[Related: Updated Nationals Depth Chart]
While the move isn’t an atypical mid-season transaction, it does carry some added trade deadline implications for the division-leading Nats. For one thing, Papelbon had shown some concerning trends on the year; for another, the organization has not received the production it would like out of the center field position.
Looking first at the pen, Papelbon has continued to get useful results, as he owns a 3.28 ERA on the year. But he hasn’t finished the year with an earned run average over three since way back in 2010, and the underlying numbers suggest a bigger problem. In particular, Papelbon is striking out less than seven per nine on a career-low 9.5% swinging strike rate and is averaging just 90.7 mph on his four-seamer.
Adding a quality reliever seems like a no-brainer for the Nationals regardless of how Papelbon shows upon his return from an intercostal strain. But his performance could help dictate just how desperate the team feels to improve. The pen has been good on the whole, and Shawn Kelley is far from the worst fill-in closer, but a team with World Series aspirations will surely want some more room for error.
Meanwhile, the demotion of Taylor comes as he continues to produce uneven results at the plate. While he was more productive in June after a dreadful start, he hasn’t seen much playing time in the last week and hasn’t been hitting when he has been in the lineup. With Ben Revere showing some signs of life, it seems that Taylor will be tasked with working on his game in a regular role at the Triple-A level.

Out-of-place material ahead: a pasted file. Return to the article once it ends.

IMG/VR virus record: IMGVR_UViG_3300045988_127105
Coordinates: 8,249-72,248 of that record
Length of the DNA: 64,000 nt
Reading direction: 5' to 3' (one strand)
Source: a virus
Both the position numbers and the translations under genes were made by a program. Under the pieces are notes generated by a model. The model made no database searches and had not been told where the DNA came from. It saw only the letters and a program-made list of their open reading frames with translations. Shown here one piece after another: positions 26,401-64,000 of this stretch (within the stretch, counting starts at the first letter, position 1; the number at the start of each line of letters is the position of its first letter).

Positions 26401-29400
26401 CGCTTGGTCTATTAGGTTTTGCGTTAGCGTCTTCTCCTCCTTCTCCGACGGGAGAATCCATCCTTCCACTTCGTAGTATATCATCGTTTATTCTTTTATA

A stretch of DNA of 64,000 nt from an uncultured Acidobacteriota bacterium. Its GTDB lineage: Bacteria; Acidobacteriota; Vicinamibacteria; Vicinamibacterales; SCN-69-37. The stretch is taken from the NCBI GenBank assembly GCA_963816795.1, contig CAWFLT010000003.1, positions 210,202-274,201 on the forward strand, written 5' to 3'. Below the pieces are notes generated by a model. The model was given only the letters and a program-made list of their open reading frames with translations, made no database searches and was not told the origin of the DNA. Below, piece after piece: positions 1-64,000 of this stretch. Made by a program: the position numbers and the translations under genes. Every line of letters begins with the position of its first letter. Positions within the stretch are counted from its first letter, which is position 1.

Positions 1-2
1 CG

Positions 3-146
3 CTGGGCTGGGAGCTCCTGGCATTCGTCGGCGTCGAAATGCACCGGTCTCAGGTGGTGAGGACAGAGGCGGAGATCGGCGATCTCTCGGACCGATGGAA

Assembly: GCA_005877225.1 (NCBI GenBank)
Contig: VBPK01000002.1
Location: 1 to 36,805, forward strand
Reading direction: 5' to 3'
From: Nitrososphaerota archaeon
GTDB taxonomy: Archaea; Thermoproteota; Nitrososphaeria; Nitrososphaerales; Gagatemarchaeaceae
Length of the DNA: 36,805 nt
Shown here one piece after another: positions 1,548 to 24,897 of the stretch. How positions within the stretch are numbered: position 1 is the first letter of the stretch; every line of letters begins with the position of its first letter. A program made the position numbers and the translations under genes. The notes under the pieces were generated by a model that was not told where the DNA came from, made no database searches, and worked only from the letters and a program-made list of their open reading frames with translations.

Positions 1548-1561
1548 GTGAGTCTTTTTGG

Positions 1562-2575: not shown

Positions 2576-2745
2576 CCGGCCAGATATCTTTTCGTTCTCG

Adding a reliever for an outfielder leaves the Nats’ roster out of balance, so this could well be a temporary move. Looking at the club’s current depth chart, dropping a reliever would likely mean parting with Matt Belisle — who has been rather effective — or sending struggling young fireballer Felipe Rivero to join Taylor in looking to get on track at Triple-A.
If and when the club dips into its system for another position player, top prospect Trea Turner could conceivably get the call. The middle infielder has now played four games at center for Syracuse, so he could potentially join Revere there while playing a super-utility role of some kind. Super Two status is no longer a concern in Turner’s case, so team need and player development are probably the only real considerations.
It’s worth noting that there are some potential player control issues here, but they don’t involve Turner. Entering the year, Taylor had 1.037 days of service, and he has picked up another 90 days thus far in 2016. That leaves him 45 days shy of reaching a second full season of service, so an extended stay in the minors could well leave the club with an added season of future control.